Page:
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Beekeeping in much of Tanzania, as in many other developing countries, is done by the "let alone method". This means that beekeepers site their hives and leave them unattended until the harvesting period. They use various indicators to determine when it is time to harvest. In Tanzania typical harvest indicators are:
1. Field crops such as millet start to ripen.
2. The rainy season ends and the dry season starts.
3. Dead drone honeybees are found at the hive entrances.
4. The intensity of sound made by foraging bees decreases.
5. The activity of foragers at the hive entrance significantly decreases or stops altogether.
Of course these indicators are not perfect and they can result in harvesting starting too early, causing unripe honey to be harvested.
Flowering calendars can make it easier to plan various beekeeping management operations such as the siting of hives near to particular crops and deciding the best time for honey harvest.
The flowering calendar shown here is based on our notebook recordings of dates when bee plants flowered in one area. The full opening of the first few buds was taken as the date of first flowering, obvious abnormalities being ignored, and the withering of flowers and the start of fruit formation was taken as the end of flowering.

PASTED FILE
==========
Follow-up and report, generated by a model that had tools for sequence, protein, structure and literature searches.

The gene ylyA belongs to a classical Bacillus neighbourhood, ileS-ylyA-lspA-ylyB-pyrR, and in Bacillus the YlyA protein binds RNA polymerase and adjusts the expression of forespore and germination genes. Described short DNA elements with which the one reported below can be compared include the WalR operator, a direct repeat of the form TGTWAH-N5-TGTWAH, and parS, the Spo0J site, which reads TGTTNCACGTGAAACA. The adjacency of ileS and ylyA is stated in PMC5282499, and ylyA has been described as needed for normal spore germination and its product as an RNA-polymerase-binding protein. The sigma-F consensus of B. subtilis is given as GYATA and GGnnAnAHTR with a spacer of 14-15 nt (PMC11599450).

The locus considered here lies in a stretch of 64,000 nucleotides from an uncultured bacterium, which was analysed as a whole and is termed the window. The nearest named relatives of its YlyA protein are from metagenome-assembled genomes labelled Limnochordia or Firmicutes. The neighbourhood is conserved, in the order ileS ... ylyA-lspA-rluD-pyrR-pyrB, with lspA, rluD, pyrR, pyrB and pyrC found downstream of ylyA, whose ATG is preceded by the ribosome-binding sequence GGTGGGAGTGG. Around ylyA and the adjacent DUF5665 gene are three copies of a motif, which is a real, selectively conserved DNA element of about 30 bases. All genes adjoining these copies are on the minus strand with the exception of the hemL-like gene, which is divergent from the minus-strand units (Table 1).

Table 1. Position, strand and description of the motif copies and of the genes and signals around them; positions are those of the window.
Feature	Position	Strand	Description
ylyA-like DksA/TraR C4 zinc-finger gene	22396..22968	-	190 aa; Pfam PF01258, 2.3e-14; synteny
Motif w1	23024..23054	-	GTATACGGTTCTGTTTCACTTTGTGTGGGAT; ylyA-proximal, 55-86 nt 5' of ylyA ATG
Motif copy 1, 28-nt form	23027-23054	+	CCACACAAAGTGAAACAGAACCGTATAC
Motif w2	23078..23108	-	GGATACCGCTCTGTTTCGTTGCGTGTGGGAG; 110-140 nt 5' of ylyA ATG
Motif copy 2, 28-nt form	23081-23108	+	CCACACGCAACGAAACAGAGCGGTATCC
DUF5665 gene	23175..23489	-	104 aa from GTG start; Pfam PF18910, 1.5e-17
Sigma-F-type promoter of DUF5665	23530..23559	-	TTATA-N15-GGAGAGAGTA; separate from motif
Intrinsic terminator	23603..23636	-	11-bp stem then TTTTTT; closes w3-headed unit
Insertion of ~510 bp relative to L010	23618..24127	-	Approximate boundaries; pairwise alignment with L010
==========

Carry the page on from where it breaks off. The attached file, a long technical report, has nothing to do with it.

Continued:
The flowering periods of 13 melliferous plants have been recorded as shown on the chart. For example, it can be seen that between January and February to provide bees with forage it is best to site hives near to blooming Acacia polyacantha and Grewia bicolour.
The chart also shows that the "build up" period in this area will be between March and June when the majority of plants are in bloom. This is therefore the time to divide colonies, check for queen cells (reproductive swarming might occur), and (if frame hives are being used) increase the number of supers.
The best harvesting period in this area should be between October and November, before the start of the dearth period when few plants are flowering. This is the time when feeding of bees is advised to prevent absconding, and to ensure the colony remains strong enough for the forthcoming season.
Another way to follow variations in honeybee colonies is to place bee hives on scales and study their seasonal weight changes. The weather is recorded daily and the flowering periods are recorded throughout the year. This allows understanding of the relationships between the weather, the flowering of melliferous plants and colony development.
[Bees for Development Journal #32]